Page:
A parabola is a symmetrical graph that models the trajectory of something being thrown. You can imagine looking at the below, we throw a ball & it arches in a relatively symmetrical fashion.

A parabola has a number of defining features. Firstly, we have the vertex, which is the maximum or minimum point on the graph, depending which way up it is (opened upwards or opened downwards).

This vertex is in the absolute centre of the graph & we have the axis of symmetry that meets that point. Effectively, we can say that all points to the left are equidistant from the axis of symmetry to their counterparts on the other side of the line.

For example, in the top example, we have the X intercepts. These are each an identical distance from the axis of symmetry (5 on each side of the line).

As with the bottom example, we don’t have to have an X or a Y intercept.

So, if we were given the equation *-x squared + 10 (x) + 1*, how would we graph it. Well first off, we would know that it was parabola. This is because parabolas are defined in standard quadratic form. The standard form of a quadratic equation is* ax squared + bx + c. *

A definition from Your Dictionary is “A quadratic equation is an equation of the second degree, meaning it contains at least one term that is squared. The standard form is ax² + bx + c = 0 with a, b, and c being constants, or numerical coefficients, and x is an unknown variable.”

So, the equation we have been given follows the standard form for a quadratic equation. So, let’s break it down:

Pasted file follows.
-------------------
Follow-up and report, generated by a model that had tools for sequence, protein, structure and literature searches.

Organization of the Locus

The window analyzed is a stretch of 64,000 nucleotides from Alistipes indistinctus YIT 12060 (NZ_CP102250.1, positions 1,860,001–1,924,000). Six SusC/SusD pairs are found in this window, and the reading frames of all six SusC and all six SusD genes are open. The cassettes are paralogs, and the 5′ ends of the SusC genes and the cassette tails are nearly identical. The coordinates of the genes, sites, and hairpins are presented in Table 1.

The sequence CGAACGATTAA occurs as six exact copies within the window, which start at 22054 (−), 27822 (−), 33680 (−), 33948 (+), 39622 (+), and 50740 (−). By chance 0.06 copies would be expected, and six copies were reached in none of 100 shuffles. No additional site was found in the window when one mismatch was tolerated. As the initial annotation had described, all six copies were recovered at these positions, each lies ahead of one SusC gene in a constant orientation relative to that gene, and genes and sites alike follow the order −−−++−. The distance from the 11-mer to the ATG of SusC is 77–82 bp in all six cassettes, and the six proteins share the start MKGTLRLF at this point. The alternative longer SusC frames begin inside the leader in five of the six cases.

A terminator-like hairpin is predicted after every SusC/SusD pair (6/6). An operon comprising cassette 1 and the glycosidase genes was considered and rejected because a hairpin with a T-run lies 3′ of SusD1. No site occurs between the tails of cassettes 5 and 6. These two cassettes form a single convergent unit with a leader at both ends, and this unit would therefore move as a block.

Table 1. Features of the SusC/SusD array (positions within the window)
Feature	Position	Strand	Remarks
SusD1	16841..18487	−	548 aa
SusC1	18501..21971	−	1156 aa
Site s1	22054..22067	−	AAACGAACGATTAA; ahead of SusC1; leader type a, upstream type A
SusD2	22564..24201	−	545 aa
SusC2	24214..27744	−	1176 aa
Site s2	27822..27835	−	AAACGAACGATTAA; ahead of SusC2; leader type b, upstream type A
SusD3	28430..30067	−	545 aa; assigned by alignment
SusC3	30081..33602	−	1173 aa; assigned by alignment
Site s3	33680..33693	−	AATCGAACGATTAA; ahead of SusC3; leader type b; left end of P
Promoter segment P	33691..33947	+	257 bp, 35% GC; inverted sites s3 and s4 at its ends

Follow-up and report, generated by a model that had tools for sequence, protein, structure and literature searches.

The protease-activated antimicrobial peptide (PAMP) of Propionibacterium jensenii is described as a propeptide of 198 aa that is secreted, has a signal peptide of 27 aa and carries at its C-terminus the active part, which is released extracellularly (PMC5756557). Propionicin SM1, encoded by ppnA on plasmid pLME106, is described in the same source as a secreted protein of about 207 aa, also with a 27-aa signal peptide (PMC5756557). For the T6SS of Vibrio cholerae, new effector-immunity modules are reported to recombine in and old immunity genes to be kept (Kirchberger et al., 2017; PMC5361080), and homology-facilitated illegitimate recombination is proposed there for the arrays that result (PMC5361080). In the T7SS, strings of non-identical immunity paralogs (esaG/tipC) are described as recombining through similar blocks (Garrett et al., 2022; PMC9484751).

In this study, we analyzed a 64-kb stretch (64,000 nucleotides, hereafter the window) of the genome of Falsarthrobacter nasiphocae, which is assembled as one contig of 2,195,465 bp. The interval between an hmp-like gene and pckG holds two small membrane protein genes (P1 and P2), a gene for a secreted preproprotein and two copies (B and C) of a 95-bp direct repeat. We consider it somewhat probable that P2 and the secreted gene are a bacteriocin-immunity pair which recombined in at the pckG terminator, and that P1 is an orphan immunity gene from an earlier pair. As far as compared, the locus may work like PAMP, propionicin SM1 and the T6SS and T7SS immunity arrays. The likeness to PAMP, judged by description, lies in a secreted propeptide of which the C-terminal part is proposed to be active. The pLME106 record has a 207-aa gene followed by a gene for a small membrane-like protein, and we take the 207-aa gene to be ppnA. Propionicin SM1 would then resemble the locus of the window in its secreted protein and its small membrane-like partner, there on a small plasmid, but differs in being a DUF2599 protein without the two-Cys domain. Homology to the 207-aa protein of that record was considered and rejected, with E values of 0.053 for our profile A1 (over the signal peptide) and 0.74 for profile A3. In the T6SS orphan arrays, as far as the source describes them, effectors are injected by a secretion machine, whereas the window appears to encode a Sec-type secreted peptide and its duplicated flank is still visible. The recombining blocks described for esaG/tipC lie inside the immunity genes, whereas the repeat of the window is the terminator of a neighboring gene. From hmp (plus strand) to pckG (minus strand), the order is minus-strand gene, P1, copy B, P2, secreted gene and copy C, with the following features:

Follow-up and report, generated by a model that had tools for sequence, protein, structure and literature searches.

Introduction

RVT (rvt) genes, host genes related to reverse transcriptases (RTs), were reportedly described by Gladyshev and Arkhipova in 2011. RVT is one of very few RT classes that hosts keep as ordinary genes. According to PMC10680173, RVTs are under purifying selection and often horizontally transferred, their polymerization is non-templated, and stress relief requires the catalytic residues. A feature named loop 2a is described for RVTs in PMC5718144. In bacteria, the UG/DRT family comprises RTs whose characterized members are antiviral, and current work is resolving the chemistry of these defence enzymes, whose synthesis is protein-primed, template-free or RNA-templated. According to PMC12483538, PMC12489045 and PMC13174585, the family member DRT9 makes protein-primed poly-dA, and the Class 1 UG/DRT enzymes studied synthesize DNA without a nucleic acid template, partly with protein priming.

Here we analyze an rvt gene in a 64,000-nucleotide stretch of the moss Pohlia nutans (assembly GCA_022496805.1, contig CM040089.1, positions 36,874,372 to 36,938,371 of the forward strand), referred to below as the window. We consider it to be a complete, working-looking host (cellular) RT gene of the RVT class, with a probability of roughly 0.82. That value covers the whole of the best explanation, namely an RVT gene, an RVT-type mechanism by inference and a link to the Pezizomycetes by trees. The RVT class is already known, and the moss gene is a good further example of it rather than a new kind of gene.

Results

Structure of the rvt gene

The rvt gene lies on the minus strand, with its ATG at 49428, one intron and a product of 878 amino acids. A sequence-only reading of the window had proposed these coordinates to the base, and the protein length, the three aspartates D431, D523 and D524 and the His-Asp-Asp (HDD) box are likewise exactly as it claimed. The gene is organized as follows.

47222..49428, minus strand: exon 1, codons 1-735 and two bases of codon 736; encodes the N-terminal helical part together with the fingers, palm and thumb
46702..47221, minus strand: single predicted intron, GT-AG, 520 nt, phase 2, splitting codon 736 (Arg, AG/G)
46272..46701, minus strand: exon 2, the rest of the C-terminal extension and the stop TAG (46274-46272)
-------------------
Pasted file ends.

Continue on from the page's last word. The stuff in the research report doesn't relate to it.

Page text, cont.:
f(x) = a(x) squared + b(x) + c

In this formula:

- a and b are both coefficients, which are numerical quantities placed before a variable in an algebraic expression.
- c is a constant numerical quantity

The first thing we need to do is work out what the vertex is. If we know that, we know where the axis of symmetry is & hence, can work out where other points along the line are to draw our parabola. You can see the formula to do this below. We then take the output of *-b/2a* and use it within our quadratic function to work out the second co-ordinate of the vertex.

So now we know that the co-ordinates are (5,24) of the vertex. Which means, we know where the axis of symmetry is. We can work out what the y intercept would be to give us another point, by passing zeros into our function. In this case, we get the co-ordinates (0, -1).

That gave us our second point on the parabola. To get the third, we simply take the mirror image of the y intercept. If the y intercept is minus 5 points away from the axis of symmetry, then the symmetrical point will be plus five points from the axis, in this case (10, -1).

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